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Review: Cancelled: Stamps to Die For

CANCELLED: Stamps To Die For by Janet Feduska Cole. Pegasus Books, San Jose, California, January 2013, 182 pages.
Book Review by Ray Paul
Having just finished a second reading of Cancelled: Stamps to Die For, a short mystery/suspense novel written by Janet Feduska Cole, I’m struck by the similarity in our late-blooming writing backgrounds and the dramatic differences in our writing styles. While each of us turned to writing fiction after careers in technical writing or in my case business communications, Janet is a master of turning her historical and geographical research into a fascinating learning experience.
The story itself is a classic chase told in the first person. A female writer, Elyse, reconnects with a male friend from her past, Karl, who has a collection of stamps and women. Following his supposed death, she is moved to research and write an article about a stamp collection thought to have been stolen by certain Nazi leaders toward the end of WWII. While obtaining facts for her article from various locations around the globe, Elyse attracts a following of allies and evildoers interested in the results of her research. Among the latter is her ex-friend Karl, who has miraculously risen from the dead, and his newest female companion and members of a secret society of philatelists seem intent on doing her harm.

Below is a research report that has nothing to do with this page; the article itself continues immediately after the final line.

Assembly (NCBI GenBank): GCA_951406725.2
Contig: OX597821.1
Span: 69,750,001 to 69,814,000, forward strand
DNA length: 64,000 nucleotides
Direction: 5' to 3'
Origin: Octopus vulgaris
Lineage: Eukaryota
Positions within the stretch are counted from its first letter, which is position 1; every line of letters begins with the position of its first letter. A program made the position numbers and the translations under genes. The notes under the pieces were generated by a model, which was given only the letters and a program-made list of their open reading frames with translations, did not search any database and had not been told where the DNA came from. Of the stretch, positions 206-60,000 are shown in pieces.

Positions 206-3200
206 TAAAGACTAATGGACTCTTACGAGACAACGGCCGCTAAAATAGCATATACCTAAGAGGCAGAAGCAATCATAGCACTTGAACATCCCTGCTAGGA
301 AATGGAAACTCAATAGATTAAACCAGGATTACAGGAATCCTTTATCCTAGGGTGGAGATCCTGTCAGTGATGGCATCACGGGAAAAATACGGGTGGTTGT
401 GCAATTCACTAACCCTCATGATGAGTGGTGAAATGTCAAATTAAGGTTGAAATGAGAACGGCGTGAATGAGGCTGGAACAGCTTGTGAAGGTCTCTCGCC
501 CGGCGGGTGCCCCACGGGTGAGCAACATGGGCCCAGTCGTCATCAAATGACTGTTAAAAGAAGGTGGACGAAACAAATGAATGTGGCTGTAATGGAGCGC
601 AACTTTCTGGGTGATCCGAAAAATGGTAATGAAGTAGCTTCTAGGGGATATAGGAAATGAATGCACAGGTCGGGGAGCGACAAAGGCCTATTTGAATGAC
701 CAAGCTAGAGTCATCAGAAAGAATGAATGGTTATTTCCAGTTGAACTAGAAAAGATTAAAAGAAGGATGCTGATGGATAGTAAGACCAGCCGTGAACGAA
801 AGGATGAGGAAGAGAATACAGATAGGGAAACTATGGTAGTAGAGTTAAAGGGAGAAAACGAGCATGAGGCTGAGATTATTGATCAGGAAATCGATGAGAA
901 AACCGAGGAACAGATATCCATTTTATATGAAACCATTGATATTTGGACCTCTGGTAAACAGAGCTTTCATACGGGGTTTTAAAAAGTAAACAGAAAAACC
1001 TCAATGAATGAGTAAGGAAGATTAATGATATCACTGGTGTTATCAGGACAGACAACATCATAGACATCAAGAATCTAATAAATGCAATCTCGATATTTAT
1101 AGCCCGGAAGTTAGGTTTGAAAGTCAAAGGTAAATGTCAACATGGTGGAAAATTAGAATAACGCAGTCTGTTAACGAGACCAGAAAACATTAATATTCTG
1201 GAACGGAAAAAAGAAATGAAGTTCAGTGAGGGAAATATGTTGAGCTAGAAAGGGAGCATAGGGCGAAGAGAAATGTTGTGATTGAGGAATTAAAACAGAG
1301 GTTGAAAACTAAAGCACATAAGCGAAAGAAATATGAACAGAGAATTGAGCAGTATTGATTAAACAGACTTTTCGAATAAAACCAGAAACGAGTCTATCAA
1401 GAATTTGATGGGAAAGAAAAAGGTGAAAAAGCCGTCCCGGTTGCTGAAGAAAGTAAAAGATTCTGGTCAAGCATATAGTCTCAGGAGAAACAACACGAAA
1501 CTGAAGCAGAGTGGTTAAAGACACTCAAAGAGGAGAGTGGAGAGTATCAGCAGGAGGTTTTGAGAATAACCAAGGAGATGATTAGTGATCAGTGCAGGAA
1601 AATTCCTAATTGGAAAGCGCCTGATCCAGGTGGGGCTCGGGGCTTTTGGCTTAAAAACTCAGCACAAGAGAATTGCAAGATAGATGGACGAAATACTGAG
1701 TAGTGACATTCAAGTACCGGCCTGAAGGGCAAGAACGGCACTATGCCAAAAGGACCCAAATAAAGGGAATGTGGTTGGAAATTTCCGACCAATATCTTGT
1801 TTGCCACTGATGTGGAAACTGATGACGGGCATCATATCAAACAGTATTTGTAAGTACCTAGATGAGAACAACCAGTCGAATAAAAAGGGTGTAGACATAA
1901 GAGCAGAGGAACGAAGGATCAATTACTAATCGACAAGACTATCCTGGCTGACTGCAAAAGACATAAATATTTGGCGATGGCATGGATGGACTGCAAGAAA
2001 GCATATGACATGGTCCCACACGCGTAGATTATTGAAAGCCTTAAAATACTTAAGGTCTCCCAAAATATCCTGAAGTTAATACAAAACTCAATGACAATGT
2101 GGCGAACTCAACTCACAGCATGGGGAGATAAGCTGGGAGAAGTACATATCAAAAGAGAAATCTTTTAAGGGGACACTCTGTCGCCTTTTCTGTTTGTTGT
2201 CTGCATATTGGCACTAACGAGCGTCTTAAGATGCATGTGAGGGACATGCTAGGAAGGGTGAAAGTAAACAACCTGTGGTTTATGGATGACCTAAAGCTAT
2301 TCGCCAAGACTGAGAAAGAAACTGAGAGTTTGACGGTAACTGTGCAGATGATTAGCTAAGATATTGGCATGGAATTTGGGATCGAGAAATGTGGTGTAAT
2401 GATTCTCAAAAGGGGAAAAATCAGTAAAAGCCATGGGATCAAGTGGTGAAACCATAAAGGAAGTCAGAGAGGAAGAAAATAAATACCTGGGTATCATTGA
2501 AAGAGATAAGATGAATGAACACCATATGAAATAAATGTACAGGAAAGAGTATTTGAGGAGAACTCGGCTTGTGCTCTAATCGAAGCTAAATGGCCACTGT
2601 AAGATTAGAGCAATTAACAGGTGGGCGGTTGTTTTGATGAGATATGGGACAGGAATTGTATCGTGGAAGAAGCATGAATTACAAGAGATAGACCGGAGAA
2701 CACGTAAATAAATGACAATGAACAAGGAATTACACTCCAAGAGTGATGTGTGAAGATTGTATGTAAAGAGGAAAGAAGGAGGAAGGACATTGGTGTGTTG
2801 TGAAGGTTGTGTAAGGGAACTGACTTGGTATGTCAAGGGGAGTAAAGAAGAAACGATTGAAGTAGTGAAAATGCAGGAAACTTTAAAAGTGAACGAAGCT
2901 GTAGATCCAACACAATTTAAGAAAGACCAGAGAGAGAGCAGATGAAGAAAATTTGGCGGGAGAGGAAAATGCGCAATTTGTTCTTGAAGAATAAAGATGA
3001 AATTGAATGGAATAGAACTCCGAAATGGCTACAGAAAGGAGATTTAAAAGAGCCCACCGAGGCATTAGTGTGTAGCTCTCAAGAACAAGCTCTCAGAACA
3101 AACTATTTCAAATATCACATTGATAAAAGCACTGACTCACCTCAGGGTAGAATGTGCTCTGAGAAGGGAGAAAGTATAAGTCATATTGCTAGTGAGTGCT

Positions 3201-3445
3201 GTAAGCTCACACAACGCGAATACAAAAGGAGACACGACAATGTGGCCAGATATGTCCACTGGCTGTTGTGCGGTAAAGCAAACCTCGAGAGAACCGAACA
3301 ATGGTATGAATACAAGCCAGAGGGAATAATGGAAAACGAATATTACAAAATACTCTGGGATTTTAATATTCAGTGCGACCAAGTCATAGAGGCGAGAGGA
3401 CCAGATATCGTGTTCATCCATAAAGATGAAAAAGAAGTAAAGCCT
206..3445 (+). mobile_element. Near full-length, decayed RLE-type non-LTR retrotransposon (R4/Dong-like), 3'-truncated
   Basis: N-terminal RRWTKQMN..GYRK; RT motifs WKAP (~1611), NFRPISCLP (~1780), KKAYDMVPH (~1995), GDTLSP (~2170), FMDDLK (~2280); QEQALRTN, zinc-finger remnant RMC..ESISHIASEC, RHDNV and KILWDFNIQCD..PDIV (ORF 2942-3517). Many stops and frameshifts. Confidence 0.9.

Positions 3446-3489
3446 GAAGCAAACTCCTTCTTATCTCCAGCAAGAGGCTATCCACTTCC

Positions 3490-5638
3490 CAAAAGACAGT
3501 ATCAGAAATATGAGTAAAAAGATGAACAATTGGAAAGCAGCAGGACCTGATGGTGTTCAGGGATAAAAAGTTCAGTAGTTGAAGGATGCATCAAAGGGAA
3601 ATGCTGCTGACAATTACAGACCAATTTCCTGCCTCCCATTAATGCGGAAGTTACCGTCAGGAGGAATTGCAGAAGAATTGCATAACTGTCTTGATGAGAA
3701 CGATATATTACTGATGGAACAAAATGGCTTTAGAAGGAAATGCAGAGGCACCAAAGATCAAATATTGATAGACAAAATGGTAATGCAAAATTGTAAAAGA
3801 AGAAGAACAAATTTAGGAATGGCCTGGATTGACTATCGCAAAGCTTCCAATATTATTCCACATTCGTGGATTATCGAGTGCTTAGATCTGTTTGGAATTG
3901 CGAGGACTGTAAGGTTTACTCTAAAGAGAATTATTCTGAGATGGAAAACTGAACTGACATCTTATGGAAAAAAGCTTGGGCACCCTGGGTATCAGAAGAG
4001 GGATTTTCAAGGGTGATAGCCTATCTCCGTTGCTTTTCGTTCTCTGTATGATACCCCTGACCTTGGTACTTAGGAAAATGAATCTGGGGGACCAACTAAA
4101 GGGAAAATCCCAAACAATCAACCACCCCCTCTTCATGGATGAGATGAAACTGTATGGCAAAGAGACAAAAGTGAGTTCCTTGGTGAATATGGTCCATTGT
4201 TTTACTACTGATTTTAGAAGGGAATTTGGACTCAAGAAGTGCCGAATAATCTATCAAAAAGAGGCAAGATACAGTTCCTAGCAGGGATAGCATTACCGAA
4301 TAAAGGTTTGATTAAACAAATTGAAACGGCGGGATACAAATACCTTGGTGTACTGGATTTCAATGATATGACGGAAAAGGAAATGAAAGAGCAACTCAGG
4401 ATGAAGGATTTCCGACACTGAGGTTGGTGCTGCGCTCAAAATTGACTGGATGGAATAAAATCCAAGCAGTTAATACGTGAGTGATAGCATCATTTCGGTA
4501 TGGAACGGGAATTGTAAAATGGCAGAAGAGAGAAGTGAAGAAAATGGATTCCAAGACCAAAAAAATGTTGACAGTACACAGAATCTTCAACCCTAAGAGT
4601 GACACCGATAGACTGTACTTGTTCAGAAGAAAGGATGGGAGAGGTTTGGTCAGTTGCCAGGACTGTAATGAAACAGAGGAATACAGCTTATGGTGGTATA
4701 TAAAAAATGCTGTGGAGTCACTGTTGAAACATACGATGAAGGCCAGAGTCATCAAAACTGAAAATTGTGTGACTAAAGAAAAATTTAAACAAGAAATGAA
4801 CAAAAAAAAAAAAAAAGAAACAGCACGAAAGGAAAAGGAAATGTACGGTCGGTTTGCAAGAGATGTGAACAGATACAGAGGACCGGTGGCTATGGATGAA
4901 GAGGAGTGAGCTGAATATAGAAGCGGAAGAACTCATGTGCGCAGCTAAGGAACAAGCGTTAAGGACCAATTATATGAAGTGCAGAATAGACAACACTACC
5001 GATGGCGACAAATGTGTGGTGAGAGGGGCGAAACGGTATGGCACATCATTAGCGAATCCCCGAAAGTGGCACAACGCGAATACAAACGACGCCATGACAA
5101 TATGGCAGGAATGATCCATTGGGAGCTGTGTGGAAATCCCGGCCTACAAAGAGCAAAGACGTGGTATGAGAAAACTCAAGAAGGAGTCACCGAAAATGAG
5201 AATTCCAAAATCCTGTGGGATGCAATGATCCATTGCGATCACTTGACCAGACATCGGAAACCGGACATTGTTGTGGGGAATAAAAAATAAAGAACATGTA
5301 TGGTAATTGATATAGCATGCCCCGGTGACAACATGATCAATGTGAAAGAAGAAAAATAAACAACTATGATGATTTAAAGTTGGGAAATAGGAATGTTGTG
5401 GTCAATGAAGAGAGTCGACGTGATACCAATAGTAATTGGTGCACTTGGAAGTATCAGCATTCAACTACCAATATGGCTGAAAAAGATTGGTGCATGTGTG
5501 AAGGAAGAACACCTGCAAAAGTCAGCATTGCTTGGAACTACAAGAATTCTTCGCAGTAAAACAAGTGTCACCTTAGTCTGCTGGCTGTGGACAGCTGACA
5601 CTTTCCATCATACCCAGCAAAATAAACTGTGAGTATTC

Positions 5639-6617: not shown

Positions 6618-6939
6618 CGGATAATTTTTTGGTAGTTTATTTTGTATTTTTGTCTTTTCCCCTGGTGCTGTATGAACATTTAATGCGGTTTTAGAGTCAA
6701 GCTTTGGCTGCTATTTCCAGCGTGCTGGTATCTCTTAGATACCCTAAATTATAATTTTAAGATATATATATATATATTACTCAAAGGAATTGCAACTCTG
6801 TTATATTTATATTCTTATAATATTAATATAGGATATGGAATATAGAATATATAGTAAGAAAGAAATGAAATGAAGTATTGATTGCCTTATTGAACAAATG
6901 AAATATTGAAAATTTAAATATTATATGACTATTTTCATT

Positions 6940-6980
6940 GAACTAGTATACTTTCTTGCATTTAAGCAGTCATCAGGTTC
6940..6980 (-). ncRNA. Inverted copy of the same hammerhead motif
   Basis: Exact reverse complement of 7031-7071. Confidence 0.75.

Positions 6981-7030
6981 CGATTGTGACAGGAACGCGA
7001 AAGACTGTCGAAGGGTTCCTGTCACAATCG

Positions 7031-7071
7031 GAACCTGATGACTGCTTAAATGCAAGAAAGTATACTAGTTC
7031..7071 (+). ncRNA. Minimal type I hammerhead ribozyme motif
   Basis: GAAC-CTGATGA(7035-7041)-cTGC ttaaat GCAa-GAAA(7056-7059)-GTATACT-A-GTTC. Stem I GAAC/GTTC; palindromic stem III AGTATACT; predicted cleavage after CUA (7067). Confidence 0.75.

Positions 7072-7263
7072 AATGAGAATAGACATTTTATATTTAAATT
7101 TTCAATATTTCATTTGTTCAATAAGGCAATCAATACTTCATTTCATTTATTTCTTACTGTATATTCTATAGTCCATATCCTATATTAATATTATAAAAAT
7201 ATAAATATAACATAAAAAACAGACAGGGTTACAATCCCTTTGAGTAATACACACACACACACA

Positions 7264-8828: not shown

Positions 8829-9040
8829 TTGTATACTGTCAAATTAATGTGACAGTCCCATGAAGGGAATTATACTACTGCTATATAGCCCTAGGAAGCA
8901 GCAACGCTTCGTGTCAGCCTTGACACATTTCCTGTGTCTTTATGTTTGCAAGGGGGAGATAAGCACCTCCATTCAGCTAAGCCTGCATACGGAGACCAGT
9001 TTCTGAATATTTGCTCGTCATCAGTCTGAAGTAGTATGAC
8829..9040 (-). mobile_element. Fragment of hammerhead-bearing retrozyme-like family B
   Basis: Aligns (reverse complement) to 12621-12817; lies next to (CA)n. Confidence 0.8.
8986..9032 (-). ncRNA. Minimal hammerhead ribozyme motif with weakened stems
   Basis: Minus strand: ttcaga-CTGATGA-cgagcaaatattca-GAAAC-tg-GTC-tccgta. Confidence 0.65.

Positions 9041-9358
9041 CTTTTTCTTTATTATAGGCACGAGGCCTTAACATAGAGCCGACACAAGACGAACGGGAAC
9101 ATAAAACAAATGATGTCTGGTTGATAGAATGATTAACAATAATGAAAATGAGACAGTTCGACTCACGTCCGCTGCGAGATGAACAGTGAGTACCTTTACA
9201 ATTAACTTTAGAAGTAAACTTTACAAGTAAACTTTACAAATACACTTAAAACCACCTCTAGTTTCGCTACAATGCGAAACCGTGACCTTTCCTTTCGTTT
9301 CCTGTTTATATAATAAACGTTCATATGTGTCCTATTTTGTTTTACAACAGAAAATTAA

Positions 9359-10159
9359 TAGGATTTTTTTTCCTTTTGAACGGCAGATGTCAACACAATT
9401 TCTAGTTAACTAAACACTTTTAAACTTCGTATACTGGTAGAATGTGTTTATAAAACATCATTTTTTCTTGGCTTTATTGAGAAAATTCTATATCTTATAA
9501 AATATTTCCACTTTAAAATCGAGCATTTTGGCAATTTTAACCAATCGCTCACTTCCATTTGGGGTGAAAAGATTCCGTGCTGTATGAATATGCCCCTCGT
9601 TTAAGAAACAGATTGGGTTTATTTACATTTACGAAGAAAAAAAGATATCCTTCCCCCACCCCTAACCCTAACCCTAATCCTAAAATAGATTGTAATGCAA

The highlight of the author’s story was reconnecting with my youthful stamp collecting history by recalling many of the famous stamps she lists in one of the chapters of the book. In addition, the references to World War II and the postwar Nazi migration to Argentina, rekindled my interest in that fateful period of our modern world. Equally enjoyable for me was reading her descriptions of the Southwestern United States and the petrography found there in certain Utah Canyons. Because the author implies her story is fictional, I suspect some of her places and references are made up. However, because the author writes so convincingly this reader was content to believe that all of the places and events in the story were real and historically accurate. Never once was I tempted to check out the validity of her details.
With the exception of some light asides by the protagonist narrator, the writing style is rather refined and academic for this particular genre, something I personally found refreshing. Overall, the plot kept my interest throughout and the story never labors. While I did have to go back and reread some chapters to make sure I was getting “it,” I chalked that up to poor reading rather than any flaw in the storytelling.
However, I do wish that the author would have developed her characters further. Because of a lack of emotional attachment, I found it hard to feel a strong level of fear or dread during the protagonist’s journey. Moreover, the evil pursuers always seemed more like nutty bunglers than vicious criminals. In her future writing I hope the author will shed her intellectual tendencies and dig into the hearts and guts of her characters so the reader can enjoy her story on several levels other than her intricate plot.
Although the book is short, it packed a punch and I enjoyed it enough to want to read the sequel.


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